The Agricultural Revolution in Scotland was a series of changes in agricultural practices that began in the 17th century and continued in the 19th century. They began with the improvement of Scottish Lowlands farmland and the beginning of a transformation of Scottish agriculture from one of the least modernized systems to what was to become the most modern and productive system in Europe.
The first agricultural revolution, known as the Neolithic Revolution, took place between 10,000 and 2,000 BC and transformed human society from hunting and gathering to farming. The 18th Century revolution witnessed many agricultural revolutions, especially in Europe. One such agricultural revolution was the Scottish Agricultural Revolution.
Overview Of The Scottish Agricultural Revolution
One of the areas where there was a zeal for improvement in Scotland in the 17th Century was in the field of farming. The need to make agriculture more profitable and a sustaining venture for the local communities necessitated a shift from a traditional system to an improved system. Scottish Agricultural Revolution was a series of improvements in agricultural activities which began in the late 1600s and continued in the 1800s.
The revolution began with the improvement of the Lowland farmlands and the transformation of Scottish agriculture from traditional agriculture to one of the most modern and productive agriculture in Europe. The traditional systems had existed for hundreds of years with the land being worked by the cottars on subsistence farming. Crops were grown in the run-ring systems that were divided between communities around the farm settlement.
The term “Scottish Agricultural Revolution” was used in the 20th Century to refer to the period of dramatic agricultural change which occurred in the 18th and 19th Centuries.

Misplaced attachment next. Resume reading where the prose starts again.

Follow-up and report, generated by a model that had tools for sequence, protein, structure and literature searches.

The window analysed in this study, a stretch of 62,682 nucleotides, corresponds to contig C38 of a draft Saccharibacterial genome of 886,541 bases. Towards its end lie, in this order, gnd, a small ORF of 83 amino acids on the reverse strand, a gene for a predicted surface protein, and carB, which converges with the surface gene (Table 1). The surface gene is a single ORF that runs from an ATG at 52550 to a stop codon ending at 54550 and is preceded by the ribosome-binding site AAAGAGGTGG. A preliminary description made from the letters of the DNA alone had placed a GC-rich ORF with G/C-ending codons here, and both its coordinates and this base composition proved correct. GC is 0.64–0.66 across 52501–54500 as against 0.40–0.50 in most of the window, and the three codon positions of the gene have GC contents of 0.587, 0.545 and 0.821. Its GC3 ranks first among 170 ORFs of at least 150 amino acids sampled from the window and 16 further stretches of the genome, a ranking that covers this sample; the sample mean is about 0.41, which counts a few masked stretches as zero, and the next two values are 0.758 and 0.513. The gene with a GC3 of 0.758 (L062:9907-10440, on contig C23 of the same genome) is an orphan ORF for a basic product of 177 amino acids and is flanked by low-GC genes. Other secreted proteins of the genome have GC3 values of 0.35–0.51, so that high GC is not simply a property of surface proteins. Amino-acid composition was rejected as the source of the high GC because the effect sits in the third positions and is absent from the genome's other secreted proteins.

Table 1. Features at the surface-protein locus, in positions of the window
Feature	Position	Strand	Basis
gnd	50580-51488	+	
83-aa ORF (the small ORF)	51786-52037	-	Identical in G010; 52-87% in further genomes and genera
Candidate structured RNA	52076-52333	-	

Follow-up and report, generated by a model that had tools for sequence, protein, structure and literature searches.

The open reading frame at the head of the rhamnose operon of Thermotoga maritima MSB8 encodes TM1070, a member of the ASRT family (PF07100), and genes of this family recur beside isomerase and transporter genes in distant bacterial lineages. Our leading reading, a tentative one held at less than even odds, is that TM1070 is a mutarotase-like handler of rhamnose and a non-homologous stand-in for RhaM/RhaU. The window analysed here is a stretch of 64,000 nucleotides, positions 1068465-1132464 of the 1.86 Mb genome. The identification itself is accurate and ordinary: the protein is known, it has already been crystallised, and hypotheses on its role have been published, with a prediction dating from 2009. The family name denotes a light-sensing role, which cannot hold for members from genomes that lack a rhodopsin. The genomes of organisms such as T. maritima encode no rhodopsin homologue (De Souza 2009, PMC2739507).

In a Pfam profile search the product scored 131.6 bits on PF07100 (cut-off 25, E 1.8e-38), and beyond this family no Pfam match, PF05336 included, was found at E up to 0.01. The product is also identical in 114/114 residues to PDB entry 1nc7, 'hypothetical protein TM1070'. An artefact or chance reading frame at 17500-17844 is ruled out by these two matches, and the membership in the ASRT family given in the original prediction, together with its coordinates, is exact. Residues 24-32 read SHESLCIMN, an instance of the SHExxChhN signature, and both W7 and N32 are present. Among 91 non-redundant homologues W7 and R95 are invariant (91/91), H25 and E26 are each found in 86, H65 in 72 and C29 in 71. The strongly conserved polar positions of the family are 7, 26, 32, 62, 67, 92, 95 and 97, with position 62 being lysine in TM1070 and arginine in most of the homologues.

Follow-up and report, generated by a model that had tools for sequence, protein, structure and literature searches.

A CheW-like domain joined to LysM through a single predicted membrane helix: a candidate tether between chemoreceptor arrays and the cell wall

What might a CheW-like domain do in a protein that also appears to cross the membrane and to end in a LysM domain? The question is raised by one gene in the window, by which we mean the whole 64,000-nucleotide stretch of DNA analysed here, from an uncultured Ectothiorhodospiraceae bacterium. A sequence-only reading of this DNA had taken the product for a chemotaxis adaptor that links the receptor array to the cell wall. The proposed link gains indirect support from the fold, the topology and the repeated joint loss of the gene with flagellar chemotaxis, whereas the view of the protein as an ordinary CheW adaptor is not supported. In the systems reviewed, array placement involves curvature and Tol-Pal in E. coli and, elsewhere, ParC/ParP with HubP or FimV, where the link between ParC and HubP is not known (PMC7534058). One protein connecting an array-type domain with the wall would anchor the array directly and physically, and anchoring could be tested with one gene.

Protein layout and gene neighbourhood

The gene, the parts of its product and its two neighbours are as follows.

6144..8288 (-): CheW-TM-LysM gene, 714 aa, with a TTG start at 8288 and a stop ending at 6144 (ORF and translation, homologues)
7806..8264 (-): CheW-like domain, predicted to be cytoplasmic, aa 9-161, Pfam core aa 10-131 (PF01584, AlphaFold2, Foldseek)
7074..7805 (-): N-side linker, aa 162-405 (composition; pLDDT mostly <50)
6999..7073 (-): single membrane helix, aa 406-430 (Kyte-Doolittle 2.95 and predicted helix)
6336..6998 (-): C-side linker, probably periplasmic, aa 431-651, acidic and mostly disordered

History Of The Scottish Agricultural Revolution
Before the onset of the agricultural revolution in Scotland, there was little trade between different areas in the country due to the traveling difficulties arising from the Scottish terrain and poor transportation infrastructure, and a lack of modern transport technologies. Most of the farming was done on the lowland fermount where only a handful of families farmed an area that is suitable for more than three plow teams.
Plowing was formerly done with wooden plows pulled by oxen. In 1695, three acts of parliament were passed to allow consolidation of run-rings and division of common land. A society promoting agricultural improvement was formed in 1723 to spearhead the growth and development of Agriculture. Improvement continued into the 19th Century with the introduction of reaping machines, soil drainage systems, and other widespread agricultural improvements.
Before the 17th century, with difficult terrain, poor roads, and methods of transport there was little trade between different areas of the country and most settlements depended on what was produced locally, often with little in reserve in bad years. Most farming was based on the lowland fermtoun or highland baile, settlements of a handful of families that jointly farmed an area notionally suitable for two or three plough teams, allocated in run rigs, of “runs” (furrows) and “rigs” (ridges), to tenant farmers.
Most ploughing was done with a heavy wooden plough with an iron coulter, pulled by oxen, which were more effective in the heavy Scottish soil, and cheaper to feed than horses. Those with property rights included husbandmen, lesser landholders, and free tenants. Below them were the cottars, who often shared rights to common pasture, occupied small portions of land, and participated in joint farming as hired labour. Farms also might have grassmen, who had rights only to grazing. Three acts of parliament passed in 1695 allowed the consolidation of runrigs and the division of common land.
After the union with England in 1707, there was a conscious attempt among the gentry and nobility to improve agriculture in Scotland. The Society of Improvers was founded in 1723, including in its 300 members dukes, earls, lairds, and landlords. In the first half of the century, these changes were limited to tenanted farms in East Lothian and the estates of a few enthusiasts, such as John Cockburn and Archibald Grant. Not all were successful, with Cockburn driving himself into bankruptcy, but the ethos of improvement spread among the landed classes.